Corporate Wi-Fi hacking methods and potential risks

In the modern digitized business environment, the daily work of employees without regard to the place of their employment provides for using corporate Wi-Fi. Employees use Wi-Fi for communication purposes, searching for information, and sending files and private information. The value of information transmitted via corporate networks draws the attention of hackers who have a broad range of tools and methods in their portfolio to hack Wi-Fi networks.

Hacked corporate networks have become a common situation in both developed and developing countries. To hack protected corporate Wi-Fi networks hackers need time and solid preparation. Generally, there are a few most widespread methods used by hackers to hack corporate networks and achieve their malicious objectives.

  • Sniffing: interception of data transmitted between a Wi-Fi router and a device. After stealing the package of information, a hacker transfers it to his device and by carrying out a brute-force attack he tries to decode this information. There are many programs used by hackers to decode encrypted information. Generally, the attack on corporate Wi-Fi through sniffing may take between a few minutes and a few hours or even a few days depending on the protection of the files transmitted between a router and a device.
  • Spoofing: one of the key features of modern devices such as mobile phones, pads, and laptops is the ability to remember Wi-Fi networks to which they connect. The connection is made automatically and often users do not even notice this process. Although this feature may seem to be attractive, it has also become a powerful weapon in the hands of hackers. To commit this method of corporate Wi-Fi hacking a hacker needs to establish a new Wi-Fi network with a stronger signal and the same SSID as the one belonging to the router used by the company. As a result, when employees’ devices connect to a fake Wi-Fi network, hackers can monitor all incoming and outcoming traffic. This type of attack is also referred to as DNS cache poisoning. According to this method, “modified” information about the network is used to redirect traffic to the point of destination specified by a hacker.
  • Man-in-the-middle attack: hackers initially deauthorize the corporate network user from the valid access point and then make him connect to the fake access point. As a result, a hacker can intercept all data submitted and received by a victim.
  • Fragmentation attack: for more efficient transmission of data in the network, a user may divide information into a few parts that are later combined by a receiver. However, using proven methods, hackers can force the data receiver to combine a few parts of data that do not belong to a single information package or even contain malicious software or code.

Overall, to achieve their malicious goals hackers use tested through years methods, the number of which is increasing in line with the development of technologies. The more complex systems companies deploy to protect their Wi-Fi networks, the more advanced hacking methods are used by hackers.

By hacking corporate Wi-Fi networks, hackers can access corporate information transmitted between employees’ devices and, as a result, there is a risk that commercial secrets may be disclosed. Also, by hacking Wi-Fi networks, hackers can track employees’ activities to develop effective strategies to commit phishing attacks.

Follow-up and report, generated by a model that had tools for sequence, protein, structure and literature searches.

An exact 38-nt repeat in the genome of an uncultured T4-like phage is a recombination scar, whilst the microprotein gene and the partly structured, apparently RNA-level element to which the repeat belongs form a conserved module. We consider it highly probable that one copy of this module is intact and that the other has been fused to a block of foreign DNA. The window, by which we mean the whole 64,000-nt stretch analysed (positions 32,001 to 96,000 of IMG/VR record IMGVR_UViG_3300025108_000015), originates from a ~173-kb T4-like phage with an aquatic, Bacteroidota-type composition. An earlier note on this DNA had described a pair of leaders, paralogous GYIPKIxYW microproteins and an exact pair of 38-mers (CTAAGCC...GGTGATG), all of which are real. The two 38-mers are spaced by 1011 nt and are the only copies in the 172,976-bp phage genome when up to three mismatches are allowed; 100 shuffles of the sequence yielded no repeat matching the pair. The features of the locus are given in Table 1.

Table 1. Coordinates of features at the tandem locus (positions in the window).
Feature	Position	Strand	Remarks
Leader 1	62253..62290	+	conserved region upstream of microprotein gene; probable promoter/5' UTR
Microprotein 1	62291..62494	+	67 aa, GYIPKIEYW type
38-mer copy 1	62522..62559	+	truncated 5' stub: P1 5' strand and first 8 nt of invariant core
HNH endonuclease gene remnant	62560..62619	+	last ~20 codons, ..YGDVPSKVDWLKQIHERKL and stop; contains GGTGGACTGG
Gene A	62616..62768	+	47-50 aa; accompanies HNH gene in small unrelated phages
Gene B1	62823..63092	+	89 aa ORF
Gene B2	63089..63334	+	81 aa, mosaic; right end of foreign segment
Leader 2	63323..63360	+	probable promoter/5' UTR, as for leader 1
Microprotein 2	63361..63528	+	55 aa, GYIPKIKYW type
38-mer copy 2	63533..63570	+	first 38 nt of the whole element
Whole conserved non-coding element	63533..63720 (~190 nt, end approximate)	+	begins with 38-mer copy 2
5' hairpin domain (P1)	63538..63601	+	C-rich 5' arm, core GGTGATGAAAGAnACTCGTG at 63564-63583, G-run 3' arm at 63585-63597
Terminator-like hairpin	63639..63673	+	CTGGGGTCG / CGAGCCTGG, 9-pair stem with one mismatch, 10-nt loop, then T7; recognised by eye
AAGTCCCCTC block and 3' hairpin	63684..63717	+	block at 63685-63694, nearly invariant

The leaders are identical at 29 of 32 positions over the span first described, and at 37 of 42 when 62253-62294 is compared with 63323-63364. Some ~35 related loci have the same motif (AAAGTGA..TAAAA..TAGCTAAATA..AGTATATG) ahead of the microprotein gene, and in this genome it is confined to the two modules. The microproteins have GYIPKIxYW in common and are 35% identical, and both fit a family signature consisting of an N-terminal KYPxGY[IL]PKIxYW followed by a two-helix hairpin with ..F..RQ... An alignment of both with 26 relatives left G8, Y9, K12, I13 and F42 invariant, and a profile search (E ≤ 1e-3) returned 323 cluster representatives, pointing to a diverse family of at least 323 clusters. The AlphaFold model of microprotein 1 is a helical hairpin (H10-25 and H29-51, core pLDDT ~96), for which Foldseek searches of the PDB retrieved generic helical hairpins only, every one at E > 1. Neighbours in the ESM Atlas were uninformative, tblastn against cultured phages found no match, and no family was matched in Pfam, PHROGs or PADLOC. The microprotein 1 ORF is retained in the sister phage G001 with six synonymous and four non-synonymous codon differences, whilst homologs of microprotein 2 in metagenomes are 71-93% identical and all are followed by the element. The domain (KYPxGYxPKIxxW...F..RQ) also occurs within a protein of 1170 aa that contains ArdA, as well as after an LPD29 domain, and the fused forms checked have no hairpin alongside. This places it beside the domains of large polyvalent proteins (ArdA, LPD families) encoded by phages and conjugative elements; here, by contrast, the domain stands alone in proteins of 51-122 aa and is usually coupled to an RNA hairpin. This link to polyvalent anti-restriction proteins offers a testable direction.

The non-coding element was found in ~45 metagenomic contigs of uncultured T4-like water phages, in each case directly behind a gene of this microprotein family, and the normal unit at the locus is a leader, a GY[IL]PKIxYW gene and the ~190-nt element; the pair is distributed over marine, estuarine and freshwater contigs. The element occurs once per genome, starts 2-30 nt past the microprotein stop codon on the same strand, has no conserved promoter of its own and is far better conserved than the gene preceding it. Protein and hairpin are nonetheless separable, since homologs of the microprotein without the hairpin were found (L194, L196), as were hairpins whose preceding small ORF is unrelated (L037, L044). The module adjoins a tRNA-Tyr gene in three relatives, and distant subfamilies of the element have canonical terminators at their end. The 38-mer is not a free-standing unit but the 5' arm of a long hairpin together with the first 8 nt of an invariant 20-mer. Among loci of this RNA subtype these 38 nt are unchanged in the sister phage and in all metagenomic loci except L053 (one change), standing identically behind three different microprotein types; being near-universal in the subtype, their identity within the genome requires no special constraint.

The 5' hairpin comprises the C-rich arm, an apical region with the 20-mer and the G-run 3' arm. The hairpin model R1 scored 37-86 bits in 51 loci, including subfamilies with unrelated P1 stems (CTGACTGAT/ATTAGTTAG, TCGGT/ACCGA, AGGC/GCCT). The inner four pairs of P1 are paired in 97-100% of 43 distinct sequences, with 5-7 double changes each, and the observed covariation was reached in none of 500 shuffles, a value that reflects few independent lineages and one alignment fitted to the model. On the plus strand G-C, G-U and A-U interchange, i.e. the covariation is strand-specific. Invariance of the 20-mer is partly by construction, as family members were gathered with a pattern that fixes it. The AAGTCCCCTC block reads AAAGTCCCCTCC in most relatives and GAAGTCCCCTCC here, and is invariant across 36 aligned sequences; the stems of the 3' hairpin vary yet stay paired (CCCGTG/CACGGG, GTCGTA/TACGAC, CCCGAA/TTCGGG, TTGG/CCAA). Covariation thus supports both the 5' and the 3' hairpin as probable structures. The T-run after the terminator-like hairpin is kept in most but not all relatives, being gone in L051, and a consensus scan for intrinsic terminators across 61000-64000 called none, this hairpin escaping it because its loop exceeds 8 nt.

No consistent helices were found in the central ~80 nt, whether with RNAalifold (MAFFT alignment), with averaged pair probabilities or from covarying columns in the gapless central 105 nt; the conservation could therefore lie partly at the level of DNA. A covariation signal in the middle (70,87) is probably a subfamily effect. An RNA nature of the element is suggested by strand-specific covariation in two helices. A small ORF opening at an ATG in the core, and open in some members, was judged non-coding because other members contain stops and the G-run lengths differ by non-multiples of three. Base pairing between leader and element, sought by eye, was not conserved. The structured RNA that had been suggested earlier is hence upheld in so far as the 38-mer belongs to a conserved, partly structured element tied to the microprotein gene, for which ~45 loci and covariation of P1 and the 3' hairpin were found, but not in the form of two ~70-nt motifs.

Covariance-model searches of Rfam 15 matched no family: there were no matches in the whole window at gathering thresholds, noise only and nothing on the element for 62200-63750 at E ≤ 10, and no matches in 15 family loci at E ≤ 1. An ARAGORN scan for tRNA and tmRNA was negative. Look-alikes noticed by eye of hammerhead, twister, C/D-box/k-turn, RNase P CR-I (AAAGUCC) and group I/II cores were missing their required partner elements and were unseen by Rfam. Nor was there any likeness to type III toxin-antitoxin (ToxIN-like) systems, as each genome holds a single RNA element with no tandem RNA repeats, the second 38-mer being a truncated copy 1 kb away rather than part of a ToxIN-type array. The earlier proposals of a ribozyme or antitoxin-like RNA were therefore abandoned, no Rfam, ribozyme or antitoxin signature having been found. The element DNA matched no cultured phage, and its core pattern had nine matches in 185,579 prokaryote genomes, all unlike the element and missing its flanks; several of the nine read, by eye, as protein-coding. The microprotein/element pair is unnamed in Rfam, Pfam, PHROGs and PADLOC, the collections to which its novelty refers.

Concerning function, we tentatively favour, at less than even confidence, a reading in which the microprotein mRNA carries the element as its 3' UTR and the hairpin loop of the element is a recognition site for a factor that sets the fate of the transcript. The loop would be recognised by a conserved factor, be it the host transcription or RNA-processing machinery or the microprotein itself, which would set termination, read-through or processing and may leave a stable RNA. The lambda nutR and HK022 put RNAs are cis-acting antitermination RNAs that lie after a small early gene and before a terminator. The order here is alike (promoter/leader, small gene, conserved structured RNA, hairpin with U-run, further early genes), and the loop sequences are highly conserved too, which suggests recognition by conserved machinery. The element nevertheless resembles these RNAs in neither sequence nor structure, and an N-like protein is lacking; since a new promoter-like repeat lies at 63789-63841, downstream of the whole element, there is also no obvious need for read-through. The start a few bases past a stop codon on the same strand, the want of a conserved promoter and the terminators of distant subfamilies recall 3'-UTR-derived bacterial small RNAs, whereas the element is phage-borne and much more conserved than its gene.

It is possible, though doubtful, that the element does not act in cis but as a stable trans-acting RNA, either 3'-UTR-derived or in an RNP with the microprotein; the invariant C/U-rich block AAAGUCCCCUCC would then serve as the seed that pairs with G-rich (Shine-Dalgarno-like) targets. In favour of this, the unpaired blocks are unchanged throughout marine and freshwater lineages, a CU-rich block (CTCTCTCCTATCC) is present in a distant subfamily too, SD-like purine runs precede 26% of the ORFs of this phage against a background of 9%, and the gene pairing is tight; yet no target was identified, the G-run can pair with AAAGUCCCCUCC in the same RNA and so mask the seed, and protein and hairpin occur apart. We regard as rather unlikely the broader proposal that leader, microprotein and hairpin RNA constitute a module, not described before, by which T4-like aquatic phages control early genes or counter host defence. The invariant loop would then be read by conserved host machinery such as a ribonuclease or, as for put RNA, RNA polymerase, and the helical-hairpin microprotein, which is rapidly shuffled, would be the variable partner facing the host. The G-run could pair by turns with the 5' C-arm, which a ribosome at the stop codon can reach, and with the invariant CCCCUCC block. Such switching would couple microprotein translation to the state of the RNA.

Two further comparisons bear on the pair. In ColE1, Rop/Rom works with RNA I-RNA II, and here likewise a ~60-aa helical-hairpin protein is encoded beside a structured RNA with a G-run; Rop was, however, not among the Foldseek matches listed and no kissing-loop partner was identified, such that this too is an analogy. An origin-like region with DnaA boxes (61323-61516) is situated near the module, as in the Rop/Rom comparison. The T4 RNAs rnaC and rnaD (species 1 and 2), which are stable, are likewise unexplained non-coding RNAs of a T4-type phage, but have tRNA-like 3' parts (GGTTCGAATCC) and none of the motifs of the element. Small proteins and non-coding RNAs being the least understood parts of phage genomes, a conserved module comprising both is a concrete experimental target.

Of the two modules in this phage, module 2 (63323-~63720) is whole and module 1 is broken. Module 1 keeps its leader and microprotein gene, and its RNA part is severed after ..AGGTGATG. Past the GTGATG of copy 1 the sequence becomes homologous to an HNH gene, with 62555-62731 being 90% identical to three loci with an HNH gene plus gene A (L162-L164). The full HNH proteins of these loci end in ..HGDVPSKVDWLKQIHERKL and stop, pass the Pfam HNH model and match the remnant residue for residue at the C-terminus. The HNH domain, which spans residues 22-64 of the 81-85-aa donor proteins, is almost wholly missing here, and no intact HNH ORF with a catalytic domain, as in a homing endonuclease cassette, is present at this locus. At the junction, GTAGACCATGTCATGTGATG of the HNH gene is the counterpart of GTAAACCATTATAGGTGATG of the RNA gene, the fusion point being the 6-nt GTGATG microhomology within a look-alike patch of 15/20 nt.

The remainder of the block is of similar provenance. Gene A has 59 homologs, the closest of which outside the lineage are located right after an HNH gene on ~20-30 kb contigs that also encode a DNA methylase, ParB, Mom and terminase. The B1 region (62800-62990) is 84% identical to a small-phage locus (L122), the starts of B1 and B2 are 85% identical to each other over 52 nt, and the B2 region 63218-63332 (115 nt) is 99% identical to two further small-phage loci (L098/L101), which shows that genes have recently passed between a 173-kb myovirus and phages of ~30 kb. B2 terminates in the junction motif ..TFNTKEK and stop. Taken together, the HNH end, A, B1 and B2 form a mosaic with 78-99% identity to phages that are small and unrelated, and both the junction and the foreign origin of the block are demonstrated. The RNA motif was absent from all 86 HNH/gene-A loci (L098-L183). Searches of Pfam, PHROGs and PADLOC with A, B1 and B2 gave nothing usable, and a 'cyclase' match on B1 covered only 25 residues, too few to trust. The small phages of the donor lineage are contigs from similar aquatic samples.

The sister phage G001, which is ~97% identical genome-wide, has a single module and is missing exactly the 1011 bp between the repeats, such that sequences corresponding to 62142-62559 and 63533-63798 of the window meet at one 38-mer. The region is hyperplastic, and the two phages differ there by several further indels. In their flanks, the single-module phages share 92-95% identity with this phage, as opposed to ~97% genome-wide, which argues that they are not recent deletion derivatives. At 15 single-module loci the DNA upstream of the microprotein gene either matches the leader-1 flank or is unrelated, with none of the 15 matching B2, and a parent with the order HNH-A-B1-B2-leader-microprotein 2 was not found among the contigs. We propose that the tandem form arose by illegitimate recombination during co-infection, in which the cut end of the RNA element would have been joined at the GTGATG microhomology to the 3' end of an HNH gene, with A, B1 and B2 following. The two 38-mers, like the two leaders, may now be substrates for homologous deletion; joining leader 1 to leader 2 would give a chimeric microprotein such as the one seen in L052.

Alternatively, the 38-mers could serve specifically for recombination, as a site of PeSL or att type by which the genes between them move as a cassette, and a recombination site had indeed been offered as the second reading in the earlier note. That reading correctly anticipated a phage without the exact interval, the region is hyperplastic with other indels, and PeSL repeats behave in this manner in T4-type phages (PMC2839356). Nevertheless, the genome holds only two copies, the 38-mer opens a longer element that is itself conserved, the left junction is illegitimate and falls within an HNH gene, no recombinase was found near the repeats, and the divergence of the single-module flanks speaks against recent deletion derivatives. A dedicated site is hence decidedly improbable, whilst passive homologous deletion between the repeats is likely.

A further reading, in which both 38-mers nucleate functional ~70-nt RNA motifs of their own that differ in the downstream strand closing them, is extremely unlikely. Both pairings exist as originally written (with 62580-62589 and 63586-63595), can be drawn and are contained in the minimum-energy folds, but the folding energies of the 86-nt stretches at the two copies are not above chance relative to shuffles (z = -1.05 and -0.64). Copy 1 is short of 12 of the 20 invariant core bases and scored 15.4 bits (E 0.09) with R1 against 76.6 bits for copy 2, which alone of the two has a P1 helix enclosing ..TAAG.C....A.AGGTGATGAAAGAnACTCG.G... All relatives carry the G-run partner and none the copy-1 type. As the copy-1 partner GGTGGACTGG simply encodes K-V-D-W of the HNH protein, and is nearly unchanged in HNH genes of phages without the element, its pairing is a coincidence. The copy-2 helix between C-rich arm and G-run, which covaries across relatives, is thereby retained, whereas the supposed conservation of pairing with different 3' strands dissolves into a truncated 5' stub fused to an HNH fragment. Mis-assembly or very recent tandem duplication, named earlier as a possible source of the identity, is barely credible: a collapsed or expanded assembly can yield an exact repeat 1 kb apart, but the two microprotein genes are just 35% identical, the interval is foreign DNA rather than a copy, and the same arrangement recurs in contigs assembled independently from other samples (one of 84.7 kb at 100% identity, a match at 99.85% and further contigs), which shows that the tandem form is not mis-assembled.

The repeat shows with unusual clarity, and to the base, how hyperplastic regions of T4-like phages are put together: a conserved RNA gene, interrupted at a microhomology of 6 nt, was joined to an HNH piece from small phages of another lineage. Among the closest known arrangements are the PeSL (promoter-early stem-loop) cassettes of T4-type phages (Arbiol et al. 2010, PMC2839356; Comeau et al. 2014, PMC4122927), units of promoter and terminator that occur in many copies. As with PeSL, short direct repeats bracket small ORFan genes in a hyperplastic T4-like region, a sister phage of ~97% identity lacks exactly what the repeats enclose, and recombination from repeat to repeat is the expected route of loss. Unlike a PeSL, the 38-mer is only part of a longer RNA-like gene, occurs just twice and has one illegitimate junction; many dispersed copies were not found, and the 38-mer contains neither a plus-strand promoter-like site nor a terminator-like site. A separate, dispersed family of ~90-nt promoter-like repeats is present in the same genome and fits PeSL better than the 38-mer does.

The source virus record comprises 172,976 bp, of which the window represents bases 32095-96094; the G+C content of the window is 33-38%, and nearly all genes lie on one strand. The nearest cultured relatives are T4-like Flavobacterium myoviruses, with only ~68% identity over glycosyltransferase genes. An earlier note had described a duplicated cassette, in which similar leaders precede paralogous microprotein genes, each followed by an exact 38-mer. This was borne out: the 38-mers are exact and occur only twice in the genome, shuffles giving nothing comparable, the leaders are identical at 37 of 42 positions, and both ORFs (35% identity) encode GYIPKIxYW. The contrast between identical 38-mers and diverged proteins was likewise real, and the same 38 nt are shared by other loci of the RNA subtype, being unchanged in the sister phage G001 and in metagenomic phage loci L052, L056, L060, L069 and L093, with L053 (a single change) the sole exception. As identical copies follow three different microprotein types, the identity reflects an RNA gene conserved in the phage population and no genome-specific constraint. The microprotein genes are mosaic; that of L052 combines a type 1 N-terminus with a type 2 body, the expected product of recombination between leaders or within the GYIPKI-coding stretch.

Besides, upon hacking corporate Wi-Fi networks, hackers can easily install malicious software to access corporate databases and employees’ accounts as well as get access to their web cameras and microphones to get information that is not circulating in the network. Generally, the companies that have experienced corporate Wi-Fi hacking become vulnerable to other types of attacks aimed at stealing financial assets and data. That is why the prevention of attacks on corporate Wi-Fi networks is the key task for the company’s internal cybersecurity specialists.

How to protect corporate Wi-Fi networks?

In many cases, hacked Wi-Fi network is not only the result of the application of novel hacking methods by hackers but also the negligence by companies of basic security rules. The most effective way to address corporate Wi-Fi hacking risks is to take preventive measures.

According to Hacken specialists, the most effective methods to protect corporate Wi-Fi networks against hacking are:

  • The use of VPN services to encrypt DNS requests to prevent the theft of information that may be later used for malicious purposes such as to commit phishing attacks or redirect a user to malicious websites.
  • The use of complex passwords that do not contain any easy-to-find information. The big mistake made by many companies is the creation of passwords that contain the company’s name and the date when it was established. Password should also be unique.
  • Establish a separate network for guests. The higher number of users who use the same Wi-Fi network, the more room for hacking hackers get. By creating separate networks for guests companies can mitigate the risks associated with password disclosure. It’s one of the simplest but, at the same time, the most effective ways to protect corporate Wi-Fi networks.
  • Disable remote administration function: this function allows users who are close to a router to modify its configuration. Thus, the higher number of users who can use this feature, the higher the security risks.
  • Regularly update router protection software and enable the regular update function if disabled.
  • Regularly check whether the devices connected to corporate Wi-Fi networks are secured enough since malicious actors can access corporate Wi-Fi networks through infected devices.
  • Regularly check whether there are fake access points via special programs such as Vistumbler.
  • Hide the name of the corporate Wi-Fi network (SSID). The company’s employees know its name while the individuals beyond the organization do not need this information.
  • Limitations on the devices that can be connected to corporate Wi-Fi networks. Each device has its unique serial number (MAC-address) and in this way, companies can build a strong barrier against hackers.

Overall, by following basic rules on the safe use of corporate W-Fi networks companies may avoid the risks related to possible Wi-Fi hacking and associated consequences such as data breaches.